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New Major Changes in Recommendations for the Treatment of Type 2 Diabetes by ADA and EASD

The American Diabetes Association (ADA) and the European Association for the Study of Diabetes (EASD) have issued an updated consensus statement on the management of hyperglycemia in patients with type 2 diabetes.

The updated statement, which focuses on the new classes of medications available to patients, is published conjointly in the October 22 Online First issue of Diabetes Care and the October 22 issue of Diabetologia. The article will also appear in the December print issue of Diabetes Care.

David M. Nathan, MD, from the Diabetes Center of Massachusetts General Hospital in Boston, and colleagues writes, "The epidemic of type 2 diabetes and the recognition that achieving specific glycemic goals can substantially reduce morbidity have made the effective treatment of hyperglycemia a top priority."  "While the management of hyperglycemia, the hallmark metabolic abnormality associated with type 2 diabetes, has historically taken center stage in the treatment of diabetes, therapies directed at other coincident features, such as dyslipidemia, hypertension, hypercoagulability, obesity, and insulin resistance, have also been a major focus of research and therapy.”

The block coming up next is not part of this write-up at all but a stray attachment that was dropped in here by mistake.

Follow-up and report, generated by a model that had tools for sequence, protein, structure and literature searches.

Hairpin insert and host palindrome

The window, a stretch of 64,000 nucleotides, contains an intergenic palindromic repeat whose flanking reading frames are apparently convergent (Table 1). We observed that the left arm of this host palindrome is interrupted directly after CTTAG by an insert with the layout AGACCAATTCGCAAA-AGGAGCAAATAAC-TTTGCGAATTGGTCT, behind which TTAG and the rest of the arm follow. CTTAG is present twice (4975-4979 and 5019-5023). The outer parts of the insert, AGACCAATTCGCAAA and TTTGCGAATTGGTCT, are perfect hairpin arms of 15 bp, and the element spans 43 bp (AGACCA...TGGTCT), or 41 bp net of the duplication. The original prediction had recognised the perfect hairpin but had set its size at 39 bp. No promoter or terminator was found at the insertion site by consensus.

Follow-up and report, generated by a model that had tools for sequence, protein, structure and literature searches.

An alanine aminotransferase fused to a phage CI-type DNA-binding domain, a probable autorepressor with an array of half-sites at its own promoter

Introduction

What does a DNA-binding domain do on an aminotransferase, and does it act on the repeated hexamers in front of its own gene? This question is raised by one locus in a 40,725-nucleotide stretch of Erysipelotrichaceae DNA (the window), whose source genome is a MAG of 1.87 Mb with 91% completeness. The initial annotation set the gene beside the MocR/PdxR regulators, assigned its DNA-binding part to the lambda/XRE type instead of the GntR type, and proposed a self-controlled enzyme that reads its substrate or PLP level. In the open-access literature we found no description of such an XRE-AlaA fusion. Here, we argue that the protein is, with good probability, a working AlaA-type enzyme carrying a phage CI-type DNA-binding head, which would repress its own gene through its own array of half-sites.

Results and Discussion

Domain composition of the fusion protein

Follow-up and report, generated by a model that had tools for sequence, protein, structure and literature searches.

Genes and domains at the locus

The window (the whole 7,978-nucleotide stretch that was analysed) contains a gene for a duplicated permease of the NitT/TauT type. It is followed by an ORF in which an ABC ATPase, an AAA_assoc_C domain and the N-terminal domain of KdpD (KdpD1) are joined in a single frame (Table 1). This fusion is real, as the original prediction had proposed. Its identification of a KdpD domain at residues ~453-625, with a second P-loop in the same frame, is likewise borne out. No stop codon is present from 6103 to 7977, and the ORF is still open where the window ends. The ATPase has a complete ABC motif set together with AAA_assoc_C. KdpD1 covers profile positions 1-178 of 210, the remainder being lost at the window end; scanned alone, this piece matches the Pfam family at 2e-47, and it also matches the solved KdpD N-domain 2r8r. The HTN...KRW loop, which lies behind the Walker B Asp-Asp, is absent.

Maintaining glycemic levels as close to the nondiabetic range as possible has been demonstrated to have a powerful beneficial effect on diabetes-specific microvascular complications, including retinopathy, nephropathy, and neuropathy, in the setting of type 1 diabetes; in type 2 diabetes, more intensive treatment strategies have likewise been demonstrated to reduce microvascular complications."

The new statement updates a consensus algorithm for the medical management of type 2 diabetes published in August 2006. At that time, the authors recognized the need to update the algorithm based on the availability of new interventions and new evidence to validate their use, while recognizing the risks of changing the algorithm too often or without justification.
The principles used to develop the algorithm and its major features are still upheld in the latest revision. Although the January 2008 update to the consensus algorithm specifically addressed safety issues surrounding the thiazolidinediones, the current update highlights new classes of medications for which more clinical data and wider experience are now available.